Alas, the bureaucracy takes its toll on Geraci and we are told toward the end of the film that he has resigned his position. The short running time of 65 minutes left me a little confused about certain aspects of the movie like who was Tony Geraci and what were his qualifications to take that job? Even a couple of sentences at the beginning of the movie would have been sufficient.
The movie ends on a hopeful note, highlighting passage of the Healthy, Hunger-Free Kids Act of 2010, which authorizes funding to increase access to healthy food for federal school meal and nutrition programs. And indeed it does seem like this model can be or is being replicated across the country. (Bertrand Weber, who became Director of Culinary and Nutrition Services for Minneapolis Public Schools in January 2012, is spearheading a similar movement, including installing salad bars in each school.) As entertainment, “Cafeteria Man” was an entertaining look at one of our nation’s most pressing issues. As a documentary, it serves as a catalyst to move this conversation forward.
4 out of 5 reels
Farah Goes Bang
by Adam Wells
Farah Goes Bang is a film about a young woman of Persian decent named Farah, played by Nikohl Boosheri, and her two friends KJ (Kandis Erickson) and Roupa (Kiran Deol) as they embark on a road trip to campaign for presidential candidate John Kerry in the fall of 2004. The three of them are recent college graduates unable to find jobs so they volunteer for the Kerry campaign instead. Farah is also a virgin and her friends are very enthusiastic about her losing her virginity.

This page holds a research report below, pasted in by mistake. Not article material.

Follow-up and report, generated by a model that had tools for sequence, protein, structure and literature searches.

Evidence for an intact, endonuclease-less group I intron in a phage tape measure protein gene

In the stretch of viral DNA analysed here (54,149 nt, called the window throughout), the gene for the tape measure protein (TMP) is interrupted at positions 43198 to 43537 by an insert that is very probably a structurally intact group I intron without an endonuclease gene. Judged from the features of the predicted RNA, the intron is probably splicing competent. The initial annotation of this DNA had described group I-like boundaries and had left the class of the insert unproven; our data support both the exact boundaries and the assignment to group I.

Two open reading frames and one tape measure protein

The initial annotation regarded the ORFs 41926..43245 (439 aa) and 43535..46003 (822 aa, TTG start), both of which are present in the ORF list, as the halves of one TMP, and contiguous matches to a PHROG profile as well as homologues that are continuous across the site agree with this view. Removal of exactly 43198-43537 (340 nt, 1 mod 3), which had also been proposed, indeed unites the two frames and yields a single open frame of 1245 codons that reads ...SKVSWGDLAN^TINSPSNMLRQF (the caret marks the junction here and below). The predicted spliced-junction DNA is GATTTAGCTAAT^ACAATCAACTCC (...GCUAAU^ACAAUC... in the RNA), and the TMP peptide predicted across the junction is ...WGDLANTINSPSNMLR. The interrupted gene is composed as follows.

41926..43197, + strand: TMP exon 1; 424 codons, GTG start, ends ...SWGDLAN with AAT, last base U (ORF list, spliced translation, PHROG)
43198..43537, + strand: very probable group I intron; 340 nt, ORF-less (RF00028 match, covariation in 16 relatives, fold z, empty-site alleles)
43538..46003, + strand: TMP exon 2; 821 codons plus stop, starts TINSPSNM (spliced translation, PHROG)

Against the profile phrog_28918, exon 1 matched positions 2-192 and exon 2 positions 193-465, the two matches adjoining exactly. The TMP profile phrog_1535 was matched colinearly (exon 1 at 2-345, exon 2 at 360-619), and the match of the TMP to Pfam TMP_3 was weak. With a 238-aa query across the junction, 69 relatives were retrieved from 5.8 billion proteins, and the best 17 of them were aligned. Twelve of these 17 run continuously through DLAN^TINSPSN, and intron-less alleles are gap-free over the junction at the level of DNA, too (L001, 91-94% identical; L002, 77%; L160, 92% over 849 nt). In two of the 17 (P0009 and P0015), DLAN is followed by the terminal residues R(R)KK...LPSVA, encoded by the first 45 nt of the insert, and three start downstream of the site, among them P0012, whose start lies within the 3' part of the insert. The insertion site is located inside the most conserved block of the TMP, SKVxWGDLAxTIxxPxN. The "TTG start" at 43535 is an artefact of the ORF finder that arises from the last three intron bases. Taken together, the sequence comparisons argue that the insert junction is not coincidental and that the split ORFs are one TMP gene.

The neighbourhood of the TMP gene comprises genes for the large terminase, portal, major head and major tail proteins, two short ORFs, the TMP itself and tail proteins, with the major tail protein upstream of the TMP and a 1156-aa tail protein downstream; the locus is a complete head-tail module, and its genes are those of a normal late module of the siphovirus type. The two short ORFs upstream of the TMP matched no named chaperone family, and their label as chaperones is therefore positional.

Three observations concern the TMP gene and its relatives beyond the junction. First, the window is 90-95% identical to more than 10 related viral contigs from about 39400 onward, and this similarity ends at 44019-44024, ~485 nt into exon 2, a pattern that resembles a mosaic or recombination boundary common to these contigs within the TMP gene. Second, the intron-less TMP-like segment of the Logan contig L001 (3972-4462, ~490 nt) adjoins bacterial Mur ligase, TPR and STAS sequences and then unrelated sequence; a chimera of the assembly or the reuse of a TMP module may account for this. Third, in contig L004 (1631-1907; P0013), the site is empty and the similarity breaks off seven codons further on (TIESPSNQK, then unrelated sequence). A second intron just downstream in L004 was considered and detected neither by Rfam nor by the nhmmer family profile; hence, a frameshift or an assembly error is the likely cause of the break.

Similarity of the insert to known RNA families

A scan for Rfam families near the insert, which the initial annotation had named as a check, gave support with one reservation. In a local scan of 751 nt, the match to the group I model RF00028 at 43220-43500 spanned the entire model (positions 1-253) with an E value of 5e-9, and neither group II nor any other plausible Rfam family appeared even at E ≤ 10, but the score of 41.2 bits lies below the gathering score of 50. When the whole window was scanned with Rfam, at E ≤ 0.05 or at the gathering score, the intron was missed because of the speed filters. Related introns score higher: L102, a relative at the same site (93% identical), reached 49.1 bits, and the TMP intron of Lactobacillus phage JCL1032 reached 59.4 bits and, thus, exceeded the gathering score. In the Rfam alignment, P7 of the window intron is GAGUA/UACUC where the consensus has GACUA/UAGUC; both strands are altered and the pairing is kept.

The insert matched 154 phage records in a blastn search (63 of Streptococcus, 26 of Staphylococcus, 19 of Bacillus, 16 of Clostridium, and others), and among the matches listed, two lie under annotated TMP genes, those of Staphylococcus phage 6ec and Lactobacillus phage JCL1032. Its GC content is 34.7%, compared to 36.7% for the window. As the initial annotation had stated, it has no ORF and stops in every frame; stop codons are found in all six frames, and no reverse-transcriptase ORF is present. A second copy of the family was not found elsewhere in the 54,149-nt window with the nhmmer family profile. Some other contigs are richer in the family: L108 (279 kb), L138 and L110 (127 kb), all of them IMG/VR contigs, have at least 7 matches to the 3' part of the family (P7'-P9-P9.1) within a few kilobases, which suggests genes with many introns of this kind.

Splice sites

The movie uses the setting of 2004 very well. The three main characters travel the country going from very different political climates on each stop of their campaign road trip. The filmmakers didn’t shy away from how awkward it can be talking to strangers . Through many encounters we see that these girls are not that best campaigners but they are passionate about the issues John Kerry campaigns on.
The main character Farah’s storyline is an interesting take on the 20-something virgin. It seems so common in American culture for men and women to lose their virginity in their teens, that when a film focuses on someone who didn’t, they seem very weird, or to quote the character of KJ “defective.” But the film makes Farah out to be a fully functioning adult female who doesn’t seem incomplete because she’s a virgin though we do see her struggles as she interacts with men throughout the film as she feels pressured by not just her friends but society’s norms, and she challenges those norms because she’s strong enough to go against the norm.
The three main characters are very well written and acted. Through different interactions either with each other or characters outside of their group, we see they are individuals with a good amount of depth to them and don’t fall into a stereotype, though they have some cliche’ characteristics to them, it helps flesh out their characters completely and see the depth they have to them.
The film is shot well, particularly the night scenes have very little grain. The cinematography overall is good. The one thing to note on the cinematography is the handheld camera shots are a little too shaky and can take the viewer out of the movie at times, but they are only used in a few scenes in the movie.